Friday, September 3, 2010

Obama declares an end to the war in Iraq

 ‘Tonight, I am announcing that the American combat mission in Iraq has ended. Operation Iraqi Freedom is over and the Iraqi people now have lead responsibility for the security of their country.’
-- Barack Obama

Barack Obama's presidential address on Tuesday evening brought an official end to a war that has lasted over seven years. 

Speaking from the same desk that former President George W. Bush used to declare war on Iraq in 2003, Obama announced that "Now, it is time to turn the page".

Obama pledged an end to the war as a presidential candidate in 2008, and in February 2009 outlined a strategy for the responsible removal of combat brigades from Iraq by August 31, 2010. 

The US mission in Iraq has now switched from combat to assistance with over 100, 000 troops being removed and hundreds of military bases closed or transferred to Iraqi authorities. US military numbers have been cut back to 50, 000 with the main objective of assisting Iraq's security forces and supporting its government and people. These troops are scheduled to return home at the end of 2011.

Almost a trillion dollars have been spent, and over 4,400 US troops, and at least 100, 000 Iraqi civilians have been killed since the 2003 invasion. A drastic sacrifice for a war fought on false pretenses, and with no plan.

The US invaded Iraq with the objective of toppling the regime of Saddam Hussein. This was achieved in 21 days of major combat operations after which George Bush said - "America sent you on a mission to remove a grave threat and to liberate an oppressed people, and that mission has been accomplished." However, the US had not made plans to re-establish political stability and as fighting escalated, a previously oppressed people enjoyed the ruined infrastructure and existential insecurity of their 'liberation.' Seven years, thousands of deaths, and billions of dollars later, not even Barrack Obama could embellish his end to the conflict with the words - 'mission accomplished.'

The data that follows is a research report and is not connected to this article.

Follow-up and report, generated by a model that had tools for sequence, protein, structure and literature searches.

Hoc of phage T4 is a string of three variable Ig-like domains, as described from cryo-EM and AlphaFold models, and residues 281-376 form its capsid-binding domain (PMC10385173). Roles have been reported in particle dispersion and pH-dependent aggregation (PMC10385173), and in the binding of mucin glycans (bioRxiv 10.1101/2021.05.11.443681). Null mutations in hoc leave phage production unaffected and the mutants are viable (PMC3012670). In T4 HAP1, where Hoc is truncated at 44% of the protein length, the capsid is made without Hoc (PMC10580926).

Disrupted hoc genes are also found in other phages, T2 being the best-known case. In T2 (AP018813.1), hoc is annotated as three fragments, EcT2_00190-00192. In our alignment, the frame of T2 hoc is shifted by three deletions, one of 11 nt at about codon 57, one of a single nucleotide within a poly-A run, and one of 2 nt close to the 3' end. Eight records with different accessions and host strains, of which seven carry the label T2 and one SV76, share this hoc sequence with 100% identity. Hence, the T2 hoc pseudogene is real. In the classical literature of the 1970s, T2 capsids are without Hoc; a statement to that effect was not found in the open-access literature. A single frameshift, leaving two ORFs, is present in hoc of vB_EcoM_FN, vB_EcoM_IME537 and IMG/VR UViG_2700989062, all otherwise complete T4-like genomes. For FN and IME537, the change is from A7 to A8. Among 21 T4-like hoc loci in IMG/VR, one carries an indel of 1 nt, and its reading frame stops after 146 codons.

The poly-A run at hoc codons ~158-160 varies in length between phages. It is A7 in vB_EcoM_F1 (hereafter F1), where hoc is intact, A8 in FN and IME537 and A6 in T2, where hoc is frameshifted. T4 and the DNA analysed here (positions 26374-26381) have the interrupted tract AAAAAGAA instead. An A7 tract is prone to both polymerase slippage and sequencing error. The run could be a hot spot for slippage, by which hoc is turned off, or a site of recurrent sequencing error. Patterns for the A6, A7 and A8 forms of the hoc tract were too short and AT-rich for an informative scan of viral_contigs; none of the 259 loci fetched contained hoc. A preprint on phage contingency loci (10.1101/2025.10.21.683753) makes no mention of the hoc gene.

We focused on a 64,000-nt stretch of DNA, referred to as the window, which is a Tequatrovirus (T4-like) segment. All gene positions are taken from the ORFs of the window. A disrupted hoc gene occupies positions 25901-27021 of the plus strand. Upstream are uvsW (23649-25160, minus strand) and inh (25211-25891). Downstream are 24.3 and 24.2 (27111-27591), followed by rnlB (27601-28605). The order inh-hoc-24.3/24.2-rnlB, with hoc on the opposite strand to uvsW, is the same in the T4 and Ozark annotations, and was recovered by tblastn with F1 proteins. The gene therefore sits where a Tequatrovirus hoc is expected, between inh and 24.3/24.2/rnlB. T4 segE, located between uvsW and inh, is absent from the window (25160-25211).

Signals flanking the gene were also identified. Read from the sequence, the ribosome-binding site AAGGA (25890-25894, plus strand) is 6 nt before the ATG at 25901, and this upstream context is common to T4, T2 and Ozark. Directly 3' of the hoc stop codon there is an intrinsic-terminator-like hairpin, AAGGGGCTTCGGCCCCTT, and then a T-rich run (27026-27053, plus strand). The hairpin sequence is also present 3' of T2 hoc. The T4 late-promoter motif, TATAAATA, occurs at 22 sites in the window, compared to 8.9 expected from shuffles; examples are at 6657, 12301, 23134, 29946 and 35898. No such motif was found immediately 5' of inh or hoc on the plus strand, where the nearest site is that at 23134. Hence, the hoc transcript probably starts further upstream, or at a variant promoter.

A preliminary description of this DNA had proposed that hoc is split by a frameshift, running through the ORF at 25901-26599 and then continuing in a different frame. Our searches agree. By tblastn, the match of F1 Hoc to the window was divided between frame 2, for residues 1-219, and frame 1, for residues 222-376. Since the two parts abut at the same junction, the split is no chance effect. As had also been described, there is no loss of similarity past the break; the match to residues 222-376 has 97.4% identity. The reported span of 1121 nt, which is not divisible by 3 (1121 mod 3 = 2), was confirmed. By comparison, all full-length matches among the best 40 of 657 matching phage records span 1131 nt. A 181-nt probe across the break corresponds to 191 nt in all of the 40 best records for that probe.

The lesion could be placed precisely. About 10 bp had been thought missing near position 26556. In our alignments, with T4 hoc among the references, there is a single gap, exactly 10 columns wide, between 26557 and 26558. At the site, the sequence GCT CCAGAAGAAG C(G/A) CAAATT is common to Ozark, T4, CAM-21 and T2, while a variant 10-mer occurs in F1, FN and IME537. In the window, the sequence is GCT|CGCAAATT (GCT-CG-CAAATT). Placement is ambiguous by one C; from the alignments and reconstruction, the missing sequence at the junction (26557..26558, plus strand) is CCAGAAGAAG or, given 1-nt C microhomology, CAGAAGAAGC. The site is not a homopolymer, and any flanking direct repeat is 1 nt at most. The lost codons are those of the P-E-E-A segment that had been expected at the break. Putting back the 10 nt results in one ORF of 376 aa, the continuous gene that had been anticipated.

Perhaps this is why the sentiment towards the end of the war in Iraq is so underwhelming, and why the media have seemed to avoid paying lip-service to an event of international and historical significance. There is no symbolic 'handshake', cheer, or round of applause from the international community. It is an eerie silence. The kind of introspective stillness you get when you can't believe that 'something just happened.'

Iraq is still in an extremely fragile state. They are struggling to form a government and deadly violence remains common. The US invasion sparked civil war and the repercussions of this political and social division provide an unstable foundation on which to attempt to build democracy. Obama encourages political leaders in Iraq to - "Form an inclusive government that is just, representative, and accountable to the Iraqi people. And when that government is in place, there should be no doubt, the Iraqi people will have a strong partner in the United States." - A feat much easier said than done.

While the US combat mission in Iraq is over, the real Operation Iraqi Freedom finally has the breathing space to begin.

Credit to and for this story. 

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